Heck, I give myself some credit for managing to get the Clinton and Obama campaigns to agree on something -- that neither wanted to be associated with my remarks.

He is personally deeply loyal to the Clintons, which is perfectly appropriate - they made him. And, at the very least, Richardson could have kept his mouth shut: "Silence on his part would have spoken loudly enough."

For Carville, it's pretty straightforward: "I believe that loyalty is a cardinal virtue."

Fine. Nothing wrong with loyalty. But Carville is a political operative, not an elected official. And for someone holding an elected post, I think the loyalty should first go to the three c's: country, conscience, and constituents. Richardson's loyalty to the Clintons is superseded by his loyalty to America, his principles, and what he believes is the best for the people of his state. If James Carville can't handle that kind of complex political calculation, maybe he should keep his mouth shut.

Saturday, March 29, 2008

Gail Collins on McCain's economic proposals

A day after David Brooks praised John McCain's foreign policy speech for being level-headed and NotBush, Gail Collins takes apart McCain's economic policies. Which is much more fun. I love Gail Collins. She always writes part of her column in a calm, soothing tone of voice, as if she was that nice lady who lives next door and always has the neighbors over for tea. And then she slips it in:

[A]t bottom, his economic vision makes absolutely no sense whatsoever. He’s going to keep the Bush tax cuts, continue our $3-trillion-and-counting war in Iraq and decrease corporate taxes. And how is he going to pay for it? By getting rid of pork-barrel earmarks.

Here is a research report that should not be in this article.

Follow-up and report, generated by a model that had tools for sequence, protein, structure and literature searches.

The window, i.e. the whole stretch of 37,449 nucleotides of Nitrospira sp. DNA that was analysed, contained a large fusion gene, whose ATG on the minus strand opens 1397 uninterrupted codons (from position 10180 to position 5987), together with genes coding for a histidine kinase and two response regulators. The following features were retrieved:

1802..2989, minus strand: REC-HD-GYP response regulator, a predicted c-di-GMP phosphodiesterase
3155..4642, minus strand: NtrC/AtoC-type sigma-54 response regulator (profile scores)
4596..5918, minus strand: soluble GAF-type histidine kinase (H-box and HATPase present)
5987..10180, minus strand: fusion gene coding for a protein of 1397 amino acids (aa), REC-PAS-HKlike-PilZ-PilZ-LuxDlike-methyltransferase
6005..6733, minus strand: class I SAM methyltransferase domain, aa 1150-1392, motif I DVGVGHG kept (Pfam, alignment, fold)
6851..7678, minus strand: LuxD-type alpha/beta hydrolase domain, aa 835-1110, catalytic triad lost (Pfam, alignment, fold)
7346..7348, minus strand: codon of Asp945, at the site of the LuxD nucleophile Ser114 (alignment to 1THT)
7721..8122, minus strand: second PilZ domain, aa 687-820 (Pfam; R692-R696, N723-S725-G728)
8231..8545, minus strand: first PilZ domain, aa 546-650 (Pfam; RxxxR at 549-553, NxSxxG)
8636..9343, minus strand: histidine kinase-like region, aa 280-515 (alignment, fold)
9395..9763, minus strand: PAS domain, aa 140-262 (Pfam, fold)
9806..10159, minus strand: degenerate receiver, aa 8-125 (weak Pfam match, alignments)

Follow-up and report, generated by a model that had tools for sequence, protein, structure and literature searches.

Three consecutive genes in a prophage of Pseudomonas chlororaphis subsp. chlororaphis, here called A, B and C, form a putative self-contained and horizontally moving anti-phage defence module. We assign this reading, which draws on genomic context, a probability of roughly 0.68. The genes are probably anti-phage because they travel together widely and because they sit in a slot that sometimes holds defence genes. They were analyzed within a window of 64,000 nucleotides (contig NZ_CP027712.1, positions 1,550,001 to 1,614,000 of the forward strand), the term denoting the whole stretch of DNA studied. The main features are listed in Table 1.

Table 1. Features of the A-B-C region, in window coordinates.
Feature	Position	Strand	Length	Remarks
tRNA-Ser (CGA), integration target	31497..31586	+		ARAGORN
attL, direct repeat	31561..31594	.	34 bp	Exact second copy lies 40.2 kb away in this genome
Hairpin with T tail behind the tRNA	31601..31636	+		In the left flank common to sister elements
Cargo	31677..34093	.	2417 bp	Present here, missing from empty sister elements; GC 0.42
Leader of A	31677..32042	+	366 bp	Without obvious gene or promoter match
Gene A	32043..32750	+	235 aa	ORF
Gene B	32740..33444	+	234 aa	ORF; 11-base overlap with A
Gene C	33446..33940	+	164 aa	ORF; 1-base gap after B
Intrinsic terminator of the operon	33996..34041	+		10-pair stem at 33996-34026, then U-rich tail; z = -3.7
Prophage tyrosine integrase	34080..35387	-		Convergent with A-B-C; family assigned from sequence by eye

How reasonable is this? Not very. Let's go with a simple domestic metaphor.
And I am planning to remodel my house by purchasing a tube of Elmer’s glue.

It's fascinating how a man who is so thoughtful and articulate in one respect, i.e. foreign policy, can be so out to lunch in another.

Wealth gone, sympathy follows

In an earlier post, I questioned the investing savvy of James Cayne, since he lost close to a billion dollars because he kept most of his wealth in Bear Stearns stock. I pointed out that this ran contrary to basic investing advice, i.e. be sure to diversify your portfolio. And he wasn't alone - Bear Stearns employees owned a third of its stock. Turns out I wasn't the only one questioning this strategy.

“I used to think Enron was the poster child of what not to do with company stock,” said Mike Scarborough, president of an investment advisory firm based in Annapolis, Md., referring to the energy trading company whose collapse shattered the nest eggs of employees who held so many of its shares.

“But it may ultimately turn out to be Bear Stearns, because money and investing is their business — and it still turned out badly.”

Nice to see the New York Times coming to the same conclusion that I did, but, really, what were these people thinking? No money, no job, no sympathy.

David Brooks on McCain's speech

David Brooks had a good piece on John McCain's foreign policy speech on Wednesday. Brooks argues that McCain, unlike the Democratic characterization of him, will not be continuing George Bush's foreign policy. Specifically, he cites three speeches has given, the first in 1983, in response to Reagan's decision to send troops to Lebanon. Brooks points out that, true to his reputation as a maverick and a realist, McCain has opposed the use of force when he does believe it can achieve our objectives, opposed his party and President when he thinks they are wrong, and has adjusted to changing realities. All qualities that would be very welcome in a Republican administration. And then Brooks obliquely chastises those of us who are focused on other issues at the present time:
Anybody who thinks McCain is merely continuing the Bush agenda is not paying attention.

I have to admit that I am one of those people who have not been distracted by events in the Democratic race. Feeling slightly chastened, I decided that I should pay attention. So I read McCain's speech.

Brooks is right, there is a great deal of difference between McCain and Bush. McCain almost sounds like a Democrat when he says